Remembering John Brooks Slaughter, Visionary Engineer and Champion of Diversity in Engineering

Mon, February 26, 2024

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This feature appears in the spring issue of The Bridge, which will be released in March. For additional information and resources on the life and legacy of John Brooks Slaughter, please click on the links under Resources at the bottom of this page.

John Brooks Slaughter, a visionary engineer who established himself as a foremost champion of diversity in engineering and engineering education, passed away on December 6, 2023, at the age of 89. He was elected to the NAE in 1982 for “contributions to the design of digital, sampled-data control systems, and leadership in shaping national engineering science policy and in fostering increased participation of minorities in engineering.” He was the third Black person to become a member of the NAE.

Slaughter was born on March 16, 1934, in Topeka, Kansas, and grew up during racial segregation. In an interview with NAE President John Anderson, one of Slaughter’s last recorded interviews, he recalled, “We had to adjust our lives to the fact that there were things we were not going to be able to do.” At the same time that racial segregation constrained the possibilities for Slaughter and his family, he said that it also “provided us an opportunity to develop some resolve that was necessary to be able to survive and be productive in that environment.”

He had a front-row seat to the events surrounding the landmark Brown vs. Board of Education Supreme Court decision, which struck down the “separate but equal” doctrine. His cousin, Lucinda Todd, was among the original petitioners in the class action suit seeking to bring about integration in Topeka’s elementary schools.

Slaughter began his formal education at Washburn University, and then he transferred to Kansas State, becoming the school’s first Black engineering student. “I had no Black classmates. I was the only African American in my graduating class,” he remembered. He earned a BS in electrical engineering from Kansas State, an MS in engineering from UCLA, and a PhD in engineering science from UC San Diego.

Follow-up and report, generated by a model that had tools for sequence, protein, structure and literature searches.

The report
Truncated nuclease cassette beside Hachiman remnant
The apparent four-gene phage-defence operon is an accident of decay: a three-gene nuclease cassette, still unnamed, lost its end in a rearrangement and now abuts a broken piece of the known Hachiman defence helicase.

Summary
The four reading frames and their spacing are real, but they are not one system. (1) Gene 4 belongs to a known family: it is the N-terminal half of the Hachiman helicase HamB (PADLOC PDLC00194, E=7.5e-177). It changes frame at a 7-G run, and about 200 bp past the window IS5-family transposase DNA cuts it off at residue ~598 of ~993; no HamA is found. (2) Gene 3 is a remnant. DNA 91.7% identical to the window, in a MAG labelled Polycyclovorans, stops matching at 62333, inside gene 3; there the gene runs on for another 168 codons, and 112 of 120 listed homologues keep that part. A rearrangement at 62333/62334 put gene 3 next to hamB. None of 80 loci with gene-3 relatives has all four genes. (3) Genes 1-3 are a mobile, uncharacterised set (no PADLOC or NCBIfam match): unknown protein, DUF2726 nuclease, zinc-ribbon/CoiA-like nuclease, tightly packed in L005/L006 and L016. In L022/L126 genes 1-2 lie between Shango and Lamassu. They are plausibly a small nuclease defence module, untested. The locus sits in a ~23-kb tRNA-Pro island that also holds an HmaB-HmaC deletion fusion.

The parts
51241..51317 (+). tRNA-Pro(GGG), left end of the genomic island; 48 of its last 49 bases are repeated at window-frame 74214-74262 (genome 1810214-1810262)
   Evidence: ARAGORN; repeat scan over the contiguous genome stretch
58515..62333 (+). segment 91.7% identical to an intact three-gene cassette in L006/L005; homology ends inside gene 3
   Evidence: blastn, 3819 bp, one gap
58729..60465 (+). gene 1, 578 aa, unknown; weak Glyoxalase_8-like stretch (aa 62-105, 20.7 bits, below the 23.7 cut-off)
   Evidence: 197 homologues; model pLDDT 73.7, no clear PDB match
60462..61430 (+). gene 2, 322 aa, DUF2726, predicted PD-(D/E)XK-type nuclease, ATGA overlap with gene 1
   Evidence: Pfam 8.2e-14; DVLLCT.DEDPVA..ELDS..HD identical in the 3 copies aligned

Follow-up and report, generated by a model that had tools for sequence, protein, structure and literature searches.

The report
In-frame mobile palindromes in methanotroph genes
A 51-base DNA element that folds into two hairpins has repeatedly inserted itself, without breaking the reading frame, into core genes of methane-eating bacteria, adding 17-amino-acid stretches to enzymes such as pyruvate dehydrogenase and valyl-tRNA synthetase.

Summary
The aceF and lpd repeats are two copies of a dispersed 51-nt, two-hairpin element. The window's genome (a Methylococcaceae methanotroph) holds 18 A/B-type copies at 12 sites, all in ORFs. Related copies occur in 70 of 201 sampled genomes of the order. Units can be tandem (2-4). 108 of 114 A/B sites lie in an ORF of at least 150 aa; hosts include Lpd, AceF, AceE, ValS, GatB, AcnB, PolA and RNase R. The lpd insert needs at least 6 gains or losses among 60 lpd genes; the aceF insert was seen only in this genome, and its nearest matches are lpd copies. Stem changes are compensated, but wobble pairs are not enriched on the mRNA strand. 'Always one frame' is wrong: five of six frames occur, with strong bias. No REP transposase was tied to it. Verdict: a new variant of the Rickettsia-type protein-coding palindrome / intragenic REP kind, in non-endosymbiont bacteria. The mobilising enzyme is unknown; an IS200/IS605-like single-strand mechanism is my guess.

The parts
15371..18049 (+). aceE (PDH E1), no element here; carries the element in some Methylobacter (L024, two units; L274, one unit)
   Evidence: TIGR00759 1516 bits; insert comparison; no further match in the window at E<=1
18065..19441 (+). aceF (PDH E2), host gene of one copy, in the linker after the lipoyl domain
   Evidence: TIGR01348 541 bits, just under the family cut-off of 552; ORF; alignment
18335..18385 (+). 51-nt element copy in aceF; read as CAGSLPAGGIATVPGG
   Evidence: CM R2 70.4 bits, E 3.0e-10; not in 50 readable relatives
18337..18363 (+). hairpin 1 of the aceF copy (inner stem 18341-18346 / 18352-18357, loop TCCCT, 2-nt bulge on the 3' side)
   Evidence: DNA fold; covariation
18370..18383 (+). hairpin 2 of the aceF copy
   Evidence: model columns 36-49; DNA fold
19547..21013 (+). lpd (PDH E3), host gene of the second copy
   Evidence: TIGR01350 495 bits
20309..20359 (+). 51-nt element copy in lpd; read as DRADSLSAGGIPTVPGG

John Brooks Slaughter_credit_Courtesy of USC Rossier School of Education.pngSlaughter was a trailblazer throughout a distinguished, six-decade career that traversed government, nonprofits, and academia. He became the first Black chancellor of the University of Maryland and the first Black president of Occidental College. A cornerstone of his leadership in higher education was his belief in the importance of undergraduate education. Reflecting on why he accepted the position of president of Occidental College, an undergraduate institution, he said, “I believed that undergraduate education was critical. Too many large universities spent more focus on research and graduate education than they did on preparing undergraduates.” He also became the first Black director of the National Science Foundation, where he continued to advocate for the inclusion of women and minorities in science and engineering, and he served as president and CEO of the National Action Council for Minorities in Engineering, where he worked toward increasing the number of engineers of color.